Sometimes we need to get away from it all. From the writing and from genre fiction and everything else.
The fans, the other writers, the social networks.
Just get away from it all.
Maybe it’s the heat and the humidity, or the tiredness of too many months spent working full tilt, or the fact that I always get melancholic on the weekend.
Anyway, yesterday I went looking for something different, and found (again) Epifania Ognisanti di Perega, the main character in The Millionairess, a comedy written in 1936 by George Bernard Shaw that was, at the time 80 years old.
The plot in a nutshell, courtesy of the usual IMDB:
Epifania is the richest woman in England. She’s also strong-willed, highly intelligent, fiercely determined and an expert at Judo, which makes her hard to live with. She’s also married, but her husband is now in love with another woman. She’s also seeing another man socially, but he seems to be more interested in his food than her. Will or can this poor little rich girl ever find true happiness? A chance meeting with an Egyptian doctor may prove interesting…
So yes, it is basically a romantic comedy, featuring a formidable central character. The story was not new to me. There is an adaptation, filmed in 1960, starring Sophia Loren in the title role and Peter Sellers as the Egyptian Doctor.
I saw it many years ago, as part of a cycle of movies starring Sellers, and found it insufferable. I found it sad and downbeat, and particularly hated the main character portrayed by Loren.
But what I saw last night is not the 1960 movie, but the 1972 adaptation, part of the BBC Play of the Month series.
Epifania is Maggie Smith, Tom Baker is the Doctor (of course), and we even get Charles Gray in the role of Epifania’s would-be paramour, Adrian Blenderbland.
And of course the cast would be enough to sell me the show. I love Maggie Smith, and in this comedy she is absolutely perfect: cold, superior, self-centered and self-assured. The character should be hateful (and was, indeed, in the Sophia Loren interpretation), but as played by Smith, Epifania is marvellous.
And of course we get the dialogue, and even in what might sound like a piece of fluff, Bernard Shaw is as cutting as ever…
EPIFANIA. I am the most interesting woman in England. I am Epifania Ognisanti di Parerga.
THE DOCTOR. Never heard of her. Italian aristocrat, I presume.
EPIFANIA. Aristocrat! Do you take me for a fool? My ancestors were moneylenders to all Europe five hundred years ago: we are now bankers to all the world.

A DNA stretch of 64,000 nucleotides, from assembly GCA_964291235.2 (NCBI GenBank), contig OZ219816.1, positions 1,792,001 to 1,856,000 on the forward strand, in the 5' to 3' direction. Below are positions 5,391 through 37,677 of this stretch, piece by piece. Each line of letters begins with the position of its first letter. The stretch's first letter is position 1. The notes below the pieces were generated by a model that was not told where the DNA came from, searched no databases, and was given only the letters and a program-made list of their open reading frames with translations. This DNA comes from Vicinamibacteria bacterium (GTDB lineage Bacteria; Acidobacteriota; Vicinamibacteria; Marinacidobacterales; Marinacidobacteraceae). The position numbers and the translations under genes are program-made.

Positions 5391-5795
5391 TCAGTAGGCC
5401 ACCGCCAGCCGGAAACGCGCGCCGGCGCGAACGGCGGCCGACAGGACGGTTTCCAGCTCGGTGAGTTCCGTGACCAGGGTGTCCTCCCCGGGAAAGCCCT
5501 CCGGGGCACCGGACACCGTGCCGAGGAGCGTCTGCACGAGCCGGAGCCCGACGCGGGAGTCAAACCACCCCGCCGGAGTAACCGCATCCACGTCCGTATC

THE DOCTOR. Jewess, eh?
EPIFANIA. Christian, to the last drop of my blood. Jews throw half their money away on charities and fancies like Zionism. The stupidest di Parerga can just walk round the cleverest Jew when it comes to moneymaking. We are the only real aristocracy in the world: the aristocracy of money.
THE DOCTOR. The plutocracy, in fact.
EPIFANIA. If you like. I am a plutocrat of the plutocrats.
THE DOCTOR. Well, that is a disease for which I do not prescribe. The only known cure is a revolution; but the mortality rate is high; and sometimes, if it is the wrong sort of revolution, it intensifies the disease. I can do nothing for you. I must go back to my work. Good morning.
So yes, this is a romantic comedy, a love story of sorts, a political satire and a meditation on money and idealism, all rolled into a tight little package filled with great lines…
EPIFANIA. Knowledge is no use without money. Are you married?
THE DOCTOR. I am married to Science. One wife is enough for me, though by my religion I am allowed four.
EPIFANIA. Four! What do you mean?
THE DOCTOR. I am what you call a Mahometan.
EPIFANIA. Well, you will have to be content with two wives if you marry me.
THE DOCTOR. Oh! Is there any question of that between us?
EPIFANIA. Yes. I want to marry you.
THE DOCTOR. Nothing doing, lady. Science is my bride.
EPIFANIA. You can have Science as well: I shall not be jealous of her. But I made a solemn promise to my father on his deathbed–
The promise made to the father is the gimmick at the core of the whole business: Epifania promised to her father that she would marry any man capable of turning 150 pounds into 50.000 in six months. The first time it did not go well: the guy made it by building a scam “kiting” cheques (the things one learns from the classics, uh?)
But the doctor made a symmetrical promise to his mother: he will marry any woman capable of surviving for six months with a starting capital of 200 piastres…
EPIFANIA. How much is two hundred piastres?
THE DOCTOR. At the rate of exchange contemplated by my mother, about thirtyfive shillings.
EPIFANIA. Hand it over.
THE DOCTOR. Unfortunately my mother forgot to provide for this contingency. I have not got thirtyfive shillings. I must borrow them from you.
EPIFANIA. I have not a penny on me. No matter: I will borrow it from the chauffeur. He will lend you a hundred and fifty pounds on my account if you dare ask him. Goodbye for six months. [She goes out].
THE DOCTOR. There is no might and no majesty save in Thee, O Allah; but oh! most Great and Glorious, is this another of Thy terrible jokes?
Bernard Shaw is, with Oscar Wilde and Max Beerbohm, responsible for a strange illusion that lingers in my mind: that in the past everybody talked in witty, snappy lines, extremely intelligent and smart, caustic and to the point.
But indeed, sometimes we need to get away from it all, and this mythical past of wit and sophistication is as good a safe haven as any other.
In case you are curious, the whole comedy can be found on YouTube, in a decent watching copy. As soon as I can I will try and track a DVD, because this is the sort of thing one needs to re-watch in times of stress.